I have a pretty extensive collection so I don’t really need to download tunes, sometimes I find it quicker to get a torrent that to dig out a disk and rip it though, if in a hurry to throw together a playlist.

          I must confess that on the odd occasion that I rely on my KRAZR phone for music that I am forced into ‘compression” mode. In which case, just about any rip will do, BUT, even with that ACC+ has a better MUSHRA test result than MP3. Even though it is lossy, it is still a bit more dynamic even at lower bitrates due to the way it compresses without chopping entire scales out of the song.

          But even if the MP3 format is what is offered by music services, the Bonfire (Future Shop) service I used a couple of times has high bitrate downlaods and you can get a full WAV file and convert it yourself.

          They are only offering MP3 formats though because people have been satisfied with it. If people had been looking for better quality music and MP3’s became less popular, youd be able to get better downloads by using the Ogg codecs and FLAC or WAV files instead.

          These guys set a standard and respond to negative resonpses and consumer demands, as people accepted lower quality rips, they stuck with it at the major download sites.

        • #2927473

          Radically different approaches to using music.

          by charliespencer ·

          In reply to One must rip

          “I just rip my own tunes now,…”

          Rip from what, CDs? We clearly listen to music in completely different ways. I have no interest in playlists, I just stuff the CD in and let it go. My only objectives for digital music are to either replace what I have on vinyl or acquire what I don’t have at all. In both cases my end goal is to burn the downloads to CD, not put them on a digital music player.

          Can I buy FLACs or other uncompressed formats anywhere in a form ready to burn to CD and toss in the car by using either the Roxio or Windows Media Player software I already have? I guess using those applications isn’t a requirement; I’m not comfortable with either one.

          I don’t trust peer-to-peer methods. I don’t know how to secure my end and I don’t know the legality of what I’m getting. I’m not interested in the digital rights debate and I don’t mind paying for what I want.

          Sorry, the rest of your post means nothing to me: KRAZR, ACC+, MUSHRA, converting WAV, Ogg. Might as well be Portuguese.

          I apologize if this sounds cranky. I’m unable to sleep and am killing some time.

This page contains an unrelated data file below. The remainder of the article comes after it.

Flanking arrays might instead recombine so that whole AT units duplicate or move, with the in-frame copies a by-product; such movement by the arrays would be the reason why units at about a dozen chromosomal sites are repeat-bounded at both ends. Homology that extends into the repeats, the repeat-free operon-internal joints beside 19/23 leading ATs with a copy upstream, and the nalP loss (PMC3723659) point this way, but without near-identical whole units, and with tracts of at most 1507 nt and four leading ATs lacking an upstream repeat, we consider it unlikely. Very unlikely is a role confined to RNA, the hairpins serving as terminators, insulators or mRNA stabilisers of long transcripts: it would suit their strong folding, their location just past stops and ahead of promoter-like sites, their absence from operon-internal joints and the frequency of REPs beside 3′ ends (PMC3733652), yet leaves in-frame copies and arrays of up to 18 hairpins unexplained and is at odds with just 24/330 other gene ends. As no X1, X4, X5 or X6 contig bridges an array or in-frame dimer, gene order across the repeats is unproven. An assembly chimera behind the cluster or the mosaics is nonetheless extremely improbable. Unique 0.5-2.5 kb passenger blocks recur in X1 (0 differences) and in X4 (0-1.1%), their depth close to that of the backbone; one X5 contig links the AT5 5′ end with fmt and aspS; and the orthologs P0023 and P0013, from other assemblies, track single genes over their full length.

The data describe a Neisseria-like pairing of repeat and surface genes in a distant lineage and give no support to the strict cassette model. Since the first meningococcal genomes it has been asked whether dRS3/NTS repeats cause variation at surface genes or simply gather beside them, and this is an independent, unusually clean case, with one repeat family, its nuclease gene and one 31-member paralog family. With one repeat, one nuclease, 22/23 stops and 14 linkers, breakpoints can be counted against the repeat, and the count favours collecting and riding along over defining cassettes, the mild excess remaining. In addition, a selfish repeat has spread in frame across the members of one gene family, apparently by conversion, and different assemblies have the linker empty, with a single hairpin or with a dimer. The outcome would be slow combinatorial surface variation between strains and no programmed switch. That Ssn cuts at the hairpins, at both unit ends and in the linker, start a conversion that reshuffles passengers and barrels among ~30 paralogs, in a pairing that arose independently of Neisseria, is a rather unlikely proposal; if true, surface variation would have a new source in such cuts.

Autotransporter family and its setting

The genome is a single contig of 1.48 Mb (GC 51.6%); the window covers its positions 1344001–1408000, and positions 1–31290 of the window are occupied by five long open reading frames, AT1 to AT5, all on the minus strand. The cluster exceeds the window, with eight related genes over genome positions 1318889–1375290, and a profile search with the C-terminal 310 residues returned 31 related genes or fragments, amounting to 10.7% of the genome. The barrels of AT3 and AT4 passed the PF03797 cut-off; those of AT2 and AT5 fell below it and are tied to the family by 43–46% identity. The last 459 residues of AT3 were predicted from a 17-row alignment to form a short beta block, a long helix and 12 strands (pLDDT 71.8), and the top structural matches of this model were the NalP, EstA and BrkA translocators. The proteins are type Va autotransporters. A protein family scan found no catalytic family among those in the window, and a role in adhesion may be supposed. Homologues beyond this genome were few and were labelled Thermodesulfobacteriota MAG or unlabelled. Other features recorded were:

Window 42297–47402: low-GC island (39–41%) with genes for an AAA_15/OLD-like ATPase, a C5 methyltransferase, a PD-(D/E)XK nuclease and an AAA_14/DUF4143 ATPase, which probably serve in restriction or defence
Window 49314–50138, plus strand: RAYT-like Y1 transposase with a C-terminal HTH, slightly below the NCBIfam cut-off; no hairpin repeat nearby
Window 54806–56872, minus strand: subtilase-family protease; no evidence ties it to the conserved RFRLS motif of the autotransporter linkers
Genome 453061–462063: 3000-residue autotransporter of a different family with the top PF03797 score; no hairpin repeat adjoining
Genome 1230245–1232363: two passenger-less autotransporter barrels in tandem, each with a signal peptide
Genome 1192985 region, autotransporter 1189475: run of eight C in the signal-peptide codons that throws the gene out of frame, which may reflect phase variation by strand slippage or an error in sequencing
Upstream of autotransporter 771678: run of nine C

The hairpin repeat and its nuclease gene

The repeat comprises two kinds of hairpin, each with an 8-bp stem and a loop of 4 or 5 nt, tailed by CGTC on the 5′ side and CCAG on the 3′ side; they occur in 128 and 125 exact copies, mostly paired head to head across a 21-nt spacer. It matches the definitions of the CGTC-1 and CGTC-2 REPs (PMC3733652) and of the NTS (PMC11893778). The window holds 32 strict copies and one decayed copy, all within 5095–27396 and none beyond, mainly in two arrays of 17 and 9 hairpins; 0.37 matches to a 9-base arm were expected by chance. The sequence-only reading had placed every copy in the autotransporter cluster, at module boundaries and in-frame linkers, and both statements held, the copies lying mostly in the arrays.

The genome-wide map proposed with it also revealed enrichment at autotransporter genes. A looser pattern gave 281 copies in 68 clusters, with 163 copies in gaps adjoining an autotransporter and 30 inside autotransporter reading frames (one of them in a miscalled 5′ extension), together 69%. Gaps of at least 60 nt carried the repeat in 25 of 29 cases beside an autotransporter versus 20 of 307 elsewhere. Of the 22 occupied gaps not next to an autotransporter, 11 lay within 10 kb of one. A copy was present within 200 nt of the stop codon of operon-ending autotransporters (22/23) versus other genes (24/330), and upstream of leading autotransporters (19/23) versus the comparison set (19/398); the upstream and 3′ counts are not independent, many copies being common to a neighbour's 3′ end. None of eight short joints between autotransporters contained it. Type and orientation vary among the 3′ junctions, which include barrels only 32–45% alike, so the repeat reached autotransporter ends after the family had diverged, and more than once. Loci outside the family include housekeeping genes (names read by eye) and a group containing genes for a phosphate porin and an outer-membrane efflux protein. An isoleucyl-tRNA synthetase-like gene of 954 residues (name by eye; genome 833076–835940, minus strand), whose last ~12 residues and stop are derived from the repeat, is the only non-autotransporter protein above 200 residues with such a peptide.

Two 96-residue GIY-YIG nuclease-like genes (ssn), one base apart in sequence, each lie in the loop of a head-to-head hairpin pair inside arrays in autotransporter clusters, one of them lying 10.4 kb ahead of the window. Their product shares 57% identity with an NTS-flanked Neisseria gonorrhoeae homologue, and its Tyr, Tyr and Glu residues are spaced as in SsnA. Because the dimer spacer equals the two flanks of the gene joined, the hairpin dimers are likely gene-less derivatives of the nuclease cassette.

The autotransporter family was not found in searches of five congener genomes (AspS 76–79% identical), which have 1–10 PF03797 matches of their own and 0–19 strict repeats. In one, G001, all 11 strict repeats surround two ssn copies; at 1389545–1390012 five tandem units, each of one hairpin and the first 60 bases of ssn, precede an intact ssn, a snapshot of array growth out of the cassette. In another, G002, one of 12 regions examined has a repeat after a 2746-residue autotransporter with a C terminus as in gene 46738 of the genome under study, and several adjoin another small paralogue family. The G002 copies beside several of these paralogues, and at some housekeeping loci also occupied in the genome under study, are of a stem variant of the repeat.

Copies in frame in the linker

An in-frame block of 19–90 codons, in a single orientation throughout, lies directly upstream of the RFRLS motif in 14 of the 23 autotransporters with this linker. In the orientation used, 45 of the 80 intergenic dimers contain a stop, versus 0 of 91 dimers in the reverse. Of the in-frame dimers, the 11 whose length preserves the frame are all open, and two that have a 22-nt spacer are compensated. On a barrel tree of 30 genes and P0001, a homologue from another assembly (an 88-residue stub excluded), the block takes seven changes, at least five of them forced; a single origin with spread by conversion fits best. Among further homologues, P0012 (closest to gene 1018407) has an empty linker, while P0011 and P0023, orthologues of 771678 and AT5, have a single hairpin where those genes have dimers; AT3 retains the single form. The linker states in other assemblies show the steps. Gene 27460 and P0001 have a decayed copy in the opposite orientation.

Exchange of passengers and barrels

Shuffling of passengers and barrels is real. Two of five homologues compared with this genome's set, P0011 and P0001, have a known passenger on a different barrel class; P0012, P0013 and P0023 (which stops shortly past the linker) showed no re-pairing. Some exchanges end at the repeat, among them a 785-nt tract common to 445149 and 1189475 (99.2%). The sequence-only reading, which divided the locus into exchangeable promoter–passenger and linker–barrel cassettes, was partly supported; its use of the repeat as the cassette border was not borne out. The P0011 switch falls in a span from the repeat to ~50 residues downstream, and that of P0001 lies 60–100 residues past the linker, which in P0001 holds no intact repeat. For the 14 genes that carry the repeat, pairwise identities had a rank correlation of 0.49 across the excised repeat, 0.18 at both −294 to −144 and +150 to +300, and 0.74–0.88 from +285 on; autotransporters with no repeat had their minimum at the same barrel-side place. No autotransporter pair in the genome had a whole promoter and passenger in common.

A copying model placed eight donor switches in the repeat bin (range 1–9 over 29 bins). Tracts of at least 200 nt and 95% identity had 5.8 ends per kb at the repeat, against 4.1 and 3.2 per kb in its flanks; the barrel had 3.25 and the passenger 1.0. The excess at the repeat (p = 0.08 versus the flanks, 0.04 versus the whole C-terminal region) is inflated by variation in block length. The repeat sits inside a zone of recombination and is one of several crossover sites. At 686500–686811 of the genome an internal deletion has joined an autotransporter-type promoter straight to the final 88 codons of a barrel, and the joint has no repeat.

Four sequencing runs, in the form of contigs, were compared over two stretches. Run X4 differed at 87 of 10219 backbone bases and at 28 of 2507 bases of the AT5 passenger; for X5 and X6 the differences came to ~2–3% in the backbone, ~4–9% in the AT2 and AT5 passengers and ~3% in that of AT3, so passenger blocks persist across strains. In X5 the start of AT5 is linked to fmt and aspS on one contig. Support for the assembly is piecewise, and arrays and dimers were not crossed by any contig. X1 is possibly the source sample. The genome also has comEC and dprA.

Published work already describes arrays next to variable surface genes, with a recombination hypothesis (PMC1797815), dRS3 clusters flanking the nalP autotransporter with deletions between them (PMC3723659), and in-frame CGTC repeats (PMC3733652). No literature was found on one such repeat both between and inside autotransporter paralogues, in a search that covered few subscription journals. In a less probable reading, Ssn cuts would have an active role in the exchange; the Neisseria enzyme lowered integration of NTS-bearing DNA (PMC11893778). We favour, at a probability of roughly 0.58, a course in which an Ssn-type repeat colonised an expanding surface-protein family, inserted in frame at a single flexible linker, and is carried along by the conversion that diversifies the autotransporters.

EDITED: FYI, Bonfire is apparently closed and replaced by ‘Puretracks’. A random sample showed most material available in MP3 or WMA only; many things on the “Recommended” page were only offered in WMA. How does the WMA format compare to MP3 or the others you’ve mentioned?

        • #2927286

          Noto that different at all

          by oz_media ·

          In reply to Radically different approaches to using music.

          I too rip a full CD at a time, I don’t usually work with playlists, I just create/burn a mix I want for the day, throw it in the truck and off I go.

          With Puretracks, they offer MP3’s at high bitrates and with high sampling frequencies, which does result in a pretty ‘decent’ sounding MP3, yet not quite the original quality.

          WMA is Windows proprietary format, Windows Media Audio, which also includes WMS Pro (said to be comressed but still lossless, but that’s pretty sketchy).

          KRAZR (new Motorola phone with audio player). ACC+ is a VERY low sample rate for music but actually outperforms MP3 for dynamics and high end retention (higher octaves that usually get removed to reduce file size).

          MUSHRA is simply a measurement standard/benchmark for Audio Quality.

          FLAC, fully lossless audio codec can use the OggVorbis audio codec to decode and play music. All music players require a codec (decoder) to extract and play the compressed file. There are literally dozens of different codecs for different file types, some play many different types of files so you don’t need them all.

          For old Vinyl recordings, try using FLAC, it’s a free encoder (Google it its an easy find) you just rip your vinyl into a FLAC file and it will sound AMAZING on your copmputer. TO play it in a portable player, you will need something that has modern codecs (usually a basic OggVorbis codec will play FLAC). What I do is create FLAC files and then if I want ti in the truck, I’ll rip it into a WAV file (retaining the original accuracy) or whatever portable format I can get away with that offers the largest file size and least compression.

          As for file sharing, I do trade music all teh time with bands, prooters, engineers etc. I am constantly being sent CD’s from upcoming/indie bands and promos from local studios etc. I don’t have time to sit at home and liste to all this music, so I use the best methods I can of retaining the original and I rip it to go.

          Without debating legalities, the issue that allows Canadians to continue file sharing without copyright repercussions is:

          Living in Canada, we have constitutional protection from DRM protected music, to RIP and store music on your PC is legal as banning that would breach Canadian copyright protection laws (you must be able to make one backup copy of any published material) , whether a book, video, music etc., in the US this is not the case. It is our right to do so.

          File sharing software is not illegal, allowing remote access ot YOUR files on YOUR PC is also not illegal. So they are kinda screwed when it comes to enforcing copyrights in Canada, however the US based MPAA is constantly trying to get Canadian courts to follow the US lead and start nailing people for file sharing.